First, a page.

Stephen Mokoka crosses the finish line to win the Cape Town Marathon at the weekend. Photo: Phando Jikelo/African News Agency/ANA
Stephen Mokoka crosses the finish line to win the Cape Town Marathon at the weekend. Photo: Phando Jikelo/African News Agency/ANA
Nolene Conrad won the SA championships, which was run in conjunction with the Cape Town Marathon. Photo: Phando Jikelo/African News Agency/ANA
Nolene Conrad won the SA championships, which was run in conjunction with the Cape Town Marathon. Photo: Phando Jikelo/African News Agency/ANA

CAPE TOWN – At age 33, Stephen Mokoka may have been winding down his athletics career.

But after a lengthy stint on the track and cross-country, he is back with the marathon at the right time, and it has breathed new life into his running.

The highlight of his track career may have been the 2016 African Championships in Durban, where he won the 10 000m gold medal, and placing 18th at the Rio Olympics. It was a vast improvement on his London Olympics display four years earlier, where he ended 49th in the marathon.

He was unable to hold on to the SA 5 000m record, though, which was broken by Elroy Gelant, while Hendrick Ramaala holds the 10 000m mark.

Mokoka had another go at the 10 000m at the World Championships in London last year, ending 20th, and in the Commonwealth Games this year, where he finished in a creditable sixth position.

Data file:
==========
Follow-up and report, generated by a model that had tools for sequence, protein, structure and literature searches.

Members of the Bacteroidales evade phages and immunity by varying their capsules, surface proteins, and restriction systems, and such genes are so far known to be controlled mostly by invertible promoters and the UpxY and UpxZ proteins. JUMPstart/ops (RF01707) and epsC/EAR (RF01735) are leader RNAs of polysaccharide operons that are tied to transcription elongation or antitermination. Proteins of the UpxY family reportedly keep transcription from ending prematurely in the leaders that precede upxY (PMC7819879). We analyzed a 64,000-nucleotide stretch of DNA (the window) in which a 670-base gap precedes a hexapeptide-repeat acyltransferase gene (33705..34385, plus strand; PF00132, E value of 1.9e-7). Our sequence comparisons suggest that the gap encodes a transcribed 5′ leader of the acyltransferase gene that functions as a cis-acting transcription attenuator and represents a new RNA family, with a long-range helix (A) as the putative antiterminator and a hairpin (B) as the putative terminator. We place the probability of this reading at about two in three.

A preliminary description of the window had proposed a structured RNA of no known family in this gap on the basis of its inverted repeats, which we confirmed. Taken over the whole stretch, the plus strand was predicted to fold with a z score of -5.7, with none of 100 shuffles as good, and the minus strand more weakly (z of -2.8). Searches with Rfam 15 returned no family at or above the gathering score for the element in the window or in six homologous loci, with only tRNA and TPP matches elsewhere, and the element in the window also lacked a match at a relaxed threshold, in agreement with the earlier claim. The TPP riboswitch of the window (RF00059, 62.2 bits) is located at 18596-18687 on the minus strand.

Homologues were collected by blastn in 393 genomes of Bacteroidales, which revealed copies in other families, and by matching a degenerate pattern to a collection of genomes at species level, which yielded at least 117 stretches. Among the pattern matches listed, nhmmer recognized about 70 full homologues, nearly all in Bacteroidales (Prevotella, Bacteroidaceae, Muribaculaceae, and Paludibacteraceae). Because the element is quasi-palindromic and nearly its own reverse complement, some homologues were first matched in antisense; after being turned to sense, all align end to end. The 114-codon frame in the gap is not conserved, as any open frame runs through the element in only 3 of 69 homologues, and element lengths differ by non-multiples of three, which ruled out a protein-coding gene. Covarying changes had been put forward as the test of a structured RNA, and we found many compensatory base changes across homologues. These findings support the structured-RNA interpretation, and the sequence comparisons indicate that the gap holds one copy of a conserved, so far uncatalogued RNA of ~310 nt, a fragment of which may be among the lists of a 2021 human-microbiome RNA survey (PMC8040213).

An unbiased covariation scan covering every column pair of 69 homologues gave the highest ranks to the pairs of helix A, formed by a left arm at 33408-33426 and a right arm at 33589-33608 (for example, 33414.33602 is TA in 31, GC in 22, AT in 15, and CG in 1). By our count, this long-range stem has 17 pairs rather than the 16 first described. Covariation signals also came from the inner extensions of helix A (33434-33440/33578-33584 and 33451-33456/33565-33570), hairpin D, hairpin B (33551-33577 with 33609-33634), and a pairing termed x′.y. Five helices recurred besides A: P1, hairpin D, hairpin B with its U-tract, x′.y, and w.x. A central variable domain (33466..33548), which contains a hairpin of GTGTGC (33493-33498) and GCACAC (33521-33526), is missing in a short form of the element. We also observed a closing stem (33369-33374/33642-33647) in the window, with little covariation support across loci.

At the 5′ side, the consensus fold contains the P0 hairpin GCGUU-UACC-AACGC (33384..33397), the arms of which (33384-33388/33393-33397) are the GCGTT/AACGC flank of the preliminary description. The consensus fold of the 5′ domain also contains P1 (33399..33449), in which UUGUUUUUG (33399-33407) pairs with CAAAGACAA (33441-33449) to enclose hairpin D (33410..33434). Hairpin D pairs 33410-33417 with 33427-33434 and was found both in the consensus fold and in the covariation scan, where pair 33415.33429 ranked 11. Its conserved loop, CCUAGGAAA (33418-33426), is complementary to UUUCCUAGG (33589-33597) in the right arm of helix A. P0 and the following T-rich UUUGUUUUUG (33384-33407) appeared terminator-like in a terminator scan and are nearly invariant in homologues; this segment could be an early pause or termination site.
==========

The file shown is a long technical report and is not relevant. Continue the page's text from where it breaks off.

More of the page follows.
But the big breakthrough came in last November’s Shanghai Marathon, where he was victorious in a strong time of 2:08.35, after running 2:10.18 in 2016.

He followed that up with the fastest time by a local athlete on South African soil in winning the Cape Town Marathon this past Sunday – which doubled as the national championships.

Mokoka produced a time of 2:08.31, which is not far off his personal best of 2:07.40, set in Shanghai in 2015.

“We ran into a headwind in the first half and started struggling a bit, so after halfway, we tried to push the pace. I’m happy with how the race turned out,” Mokoka said afterwards.

“The course was perfect. If we didn’t have a headwind, I think we could have run faster.”

That will be the next aim: Gert Thys’ 1999 SA record of 2:06.33.

Mokoka will probably only run another marathon in 2019 again, but his major focus is likely to be the 2020 Tokyo Olympics.

New marathon world record holder Eliud Kipchoge produced his stunning time of 2:01.39 at the Berlin Marathon a few weeks ago, so perhaps Mokoka should sign up for that fast course next year.

The SA women’s marathon champion was also crowned at the Cape Town Marathon, and it was Nolene Conrad – who hails from Blue Downs – who claimed the title in a new personal best of 2:34.39.

That time earned her eighth place overall, with Namibian Helalia Johannes winning in 2:29.28, the quickest time in South Africa in over 30 years.

Who knows, the 32-year-old Conrad may just eye her mentor Elana van Zyl-Meyer’s SA mark of 2:25.15 going forward.

She will no doubt, like Mokoka, plan her schedule carefully over the next two years in order to peak at the 2020 Tokyo Olympics.

But it is their excellent performances at the Cape Town Marathon that should provide hope for other South African marathon athletes that they can push for competitive times by persevering over many years.

And guess what? Mokoka is the same age as Kipchoge at 33, so hopefully he is in his prime right now.

 

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